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verb (used with object)
  1. to treat or regard with disdain, scorn, or contempt.
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Origin of contemn

1375–1425; late Middle English contempnen (< Middle French) < Latin contemnere to despise, scorn, equivalent to con- con- + temnere to slight; see contempt
Related formscon·temn·er [kuhn-tem-er, -tem-ner] /kənˈtɛm ər, -ˈtɛm nər/, con·tem·nor [kuhn-tem-ner] /kənˈtɛm nər/, nouncon·tem·ni·ble [kuhn-tem-nuh-buhl] /kənˈtɛm nə bəl/, adjectivecon·tem·ni·bly, adverbcon·temn·ing·ly, adverbpre·con·temn, verb (used with object)un·con·temned, adjectiveun·con·temn·ing, adjectiveun·con·temn·ing·ly, adverb
Can be confusedcondemn contemn

Synonyms for contemn

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Dictionary.com Unabridged Based on the Random House Unabridged Dictionary, © Random House, Inc. 2018

Related Words for contemn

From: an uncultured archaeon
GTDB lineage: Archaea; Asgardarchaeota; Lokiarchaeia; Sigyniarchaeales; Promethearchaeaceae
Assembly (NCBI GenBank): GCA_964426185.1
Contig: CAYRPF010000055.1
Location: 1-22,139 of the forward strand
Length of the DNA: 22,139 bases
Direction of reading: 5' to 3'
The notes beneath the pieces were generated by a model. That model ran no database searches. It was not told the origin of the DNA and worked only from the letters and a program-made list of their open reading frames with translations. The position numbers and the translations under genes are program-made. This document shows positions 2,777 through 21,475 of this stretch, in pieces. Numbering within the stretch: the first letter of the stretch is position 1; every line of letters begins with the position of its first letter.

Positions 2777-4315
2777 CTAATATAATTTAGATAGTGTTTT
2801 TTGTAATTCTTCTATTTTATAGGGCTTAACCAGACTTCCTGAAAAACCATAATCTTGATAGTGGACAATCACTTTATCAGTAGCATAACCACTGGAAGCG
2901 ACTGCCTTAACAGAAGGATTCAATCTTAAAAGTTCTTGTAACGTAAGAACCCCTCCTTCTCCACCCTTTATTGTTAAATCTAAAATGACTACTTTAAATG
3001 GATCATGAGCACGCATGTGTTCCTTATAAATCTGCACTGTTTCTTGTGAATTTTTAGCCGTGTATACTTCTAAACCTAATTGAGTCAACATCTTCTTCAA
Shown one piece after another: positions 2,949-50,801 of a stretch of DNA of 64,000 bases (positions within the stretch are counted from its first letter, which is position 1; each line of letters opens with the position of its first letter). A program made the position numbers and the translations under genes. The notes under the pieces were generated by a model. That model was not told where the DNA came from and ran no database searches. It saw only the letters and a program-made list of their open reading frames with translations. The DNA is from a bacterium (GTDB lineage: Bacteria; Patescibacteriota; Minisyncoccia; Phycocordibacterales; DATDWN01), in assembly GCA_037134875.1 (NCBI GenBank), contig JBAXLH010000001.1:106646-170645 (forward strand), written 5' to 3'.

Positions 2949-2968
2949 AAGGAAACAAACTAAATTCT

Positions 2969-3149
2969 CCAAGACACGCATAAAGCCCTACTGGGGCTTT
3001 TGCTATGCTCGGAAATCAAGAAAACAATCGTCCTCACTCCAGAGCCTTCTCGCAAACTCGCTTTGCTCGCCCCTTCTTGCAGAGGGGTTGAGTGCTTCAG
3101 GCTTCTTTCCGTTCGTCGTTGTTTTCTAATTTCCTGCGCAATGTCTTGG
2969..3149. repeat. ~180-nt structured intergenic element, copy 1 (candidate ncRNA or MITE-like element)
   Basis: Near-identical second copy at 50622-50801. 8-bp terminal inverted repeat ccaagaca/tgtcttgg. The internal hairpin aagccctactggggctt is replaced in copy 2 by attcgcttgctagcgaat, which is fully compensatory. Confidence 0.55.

scorn, hate, disdain

Examples from the Web for contemn

Historical Examples of contemn

  • Perhaps this may appear to you to be only an old wife's tale, which you will contemn.



  • So it is with women: you should not contemn women because they rouse a devil in man.

  • I contemn the world when I think on it, and myself when I translate it.

  • A religion,” said I, “in which you yourself do not believe, and which you contemn.

    The Romany Rye

    George Borrow

  • There was, in truth, danger lest the Rhodians should contemn the Romans!

British Dictionary definitions for contemn


  1. (tr) formal to treat or regard with contempt; scorn
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Derived Formscontemner (kənˈtɛmnə, -ˈtɛmə), nouncontemnible (kənˈtɛmnɪbəl), adjectivecontemnibly, adverb

Word Origin for contemn

C15: from Latin contemnere, from temnere to slight
Collins English Dictionary - Complete & Unabridged 2012 Digital Edition © William Collins Sons & Co. Ltd. 1979, 1986 © HarperCollins Publishers 1998, 2000, 2003, 2005, 2006, 2007, 2009, 2012

Word Origin and History for contemn


mid-15c., from Old French contemner (15c.), from Latin contemnere "to despise, scorn" (see contempt).

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Online Etymology Dictionary, © 2010 Douglas Harper